- June 26, 2017
By Dr. Oliver Kleineberg, Hirschmann Automation and Control, a Belden brand
As the Industrial Internet of Things (IIoT) continues to expand, its need for reliable and efficient control networks, free of bandwidth and latency issues, becomes even more important to support the large volumes of data ‚Äì with and without real-time requirements ‚Äì on which the phenomenon depends.
By Dr. Oliver Kleineberg, Advance Development, Hirschmann Automation and Control, a Belden brand
The prevalence and impact of the Internet of Things (IoT) is growing every day. IHS Markit forecasts that the IoT market will grow from 15.4 billion devices in 2015 to more than 30.7 billion devices in 2020, and 75.4 billion by 2025. Bain & Company projects revenues from the IoT alone could reach $470 billion for vendors selling hardware, software and comprehensive solutions by 2020.
With the IoT becoming more ubiquitous, there’s been a big push in the industrial space over the past few years to develop vendor-neutral, universally applicable standards and definitions for the transmission of time-sensitive data over Ethernet networks.
As the Industrial Internet of Things (IIoT) – the IoT for the industrial space – continues to expand, its need for reliable and efficient control networks, free of bandwidth and latency issues, becomes even more important to support the large volumes of data – with and without real-time requirements – on which the phenomenon depends.
Collaboration on TSN: Working groups fuel its success
The Institute of Electrical and Electronics Engineers (IEEE), within the IEEE 802.1 working group that is responsible for LAN/MAN standards, instituted a task group that is responsible for time sensitive networking (TSN). The goal of this task group is to provide specifications that will allow time-synchronized, low-latency streaming services through vendor-neutral Ethernet networks.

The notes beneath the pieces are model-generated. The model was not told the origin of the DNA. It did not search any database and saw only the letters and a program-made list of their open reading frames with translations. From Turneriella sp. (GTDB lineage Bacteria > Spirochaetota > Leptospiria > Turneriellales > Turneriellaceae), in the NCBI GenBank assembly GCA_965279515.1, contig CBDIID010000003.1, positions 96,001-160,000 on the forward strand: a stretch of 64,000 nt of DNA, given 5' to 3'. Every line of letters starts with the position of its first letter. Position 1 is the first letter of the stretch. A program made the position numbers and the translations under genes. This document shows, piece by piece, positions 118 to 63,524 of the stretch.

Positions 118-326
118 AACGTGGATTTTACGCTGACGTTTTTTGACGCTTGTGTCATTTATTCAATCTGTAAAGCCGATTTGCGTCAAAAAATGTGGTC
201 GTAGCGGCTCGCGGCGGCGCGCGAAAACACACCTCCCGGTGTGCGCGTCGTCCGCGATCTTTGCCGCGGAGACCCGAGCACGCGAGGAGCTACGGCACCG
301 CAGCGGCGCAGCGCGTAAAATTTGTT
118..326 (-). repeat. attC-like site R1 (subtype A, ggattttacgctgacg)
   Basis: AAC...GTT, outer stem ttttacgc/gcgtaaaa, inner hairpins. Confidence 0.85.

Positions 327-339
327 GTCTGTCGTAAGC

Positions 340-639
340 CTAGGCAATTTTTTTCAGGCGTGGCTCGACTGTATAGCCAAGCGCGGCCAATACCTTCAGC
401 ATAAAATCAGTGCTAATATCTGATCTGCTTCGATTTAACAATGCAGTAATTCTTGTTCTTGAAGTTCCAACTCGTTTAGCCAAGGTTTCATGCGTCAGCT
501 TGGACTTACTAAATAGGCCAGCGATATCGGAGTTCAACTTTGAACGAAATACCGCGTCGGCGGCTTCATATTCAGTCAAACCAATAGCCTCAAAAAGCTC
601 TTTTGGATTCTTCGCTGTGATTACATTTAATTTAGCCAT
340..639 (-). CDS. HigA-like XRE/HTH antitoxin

Industry partnerships, such as the Industrial Internet Consortium’s effort for TSN technology or the Avnu Alliance, have also been established to foster awareness and compliance with this new framework.
The state of real-time Ethernet networks today
TSN provides low latency guarantees, especially for use cases with synchronized axles and drives, power generation transmission and distribution networks and applications in the transportation industry. The cycle times for time sensitive data in these spaces are often well below a millisecond.
To achieve both low latency and jitter, vendor-specific solutions like EtherCAT, PROFINET IRT and SERCOS III are often used – technologies that rely on conventional Ethernet but utilize additional proprietary mechanisms to enhance standard Ethernet. These proprietary mechanisms are incompatible with each other.
The real-time Ethernet solution market is therefore very fragmented, with a lack of compatibility and little room for market growth. TSN is intended to open up the real-time Ethernet market and establish a standardized, universal physical and data-link layer, which will lead to major cost savings and better investment security for industrial engineers.
Expanding the possibilities for industrial communication with TSN
TSN is comprised of a variety of mechanisms and interdependencies that work together to ensure smooth transmission of real-time data. These features add a level of determinism to Ethernet-based data communication that is able to meet even the highest demands of modern control networks:
- Prioritization based on timing with the IEEE 802.1Qbv Time-Aware Scheduler (TAS): To avoid bottlenecks in data transmission and the queueing effect – where Ethernet frames with low priority already in transmission could delay frames of the highest priority at every switch along the transmission path – the TAS prioritizes data transmission, sorts them into appropriate time slots and guarantees their forwarding and delivery at a specific point in time. The TAS divides time into segments of equal length, or cycles. This allows for dedicated cycles for the transmission of data packets with real-time requirements and mitigates the possibility of network traffic and latency issues.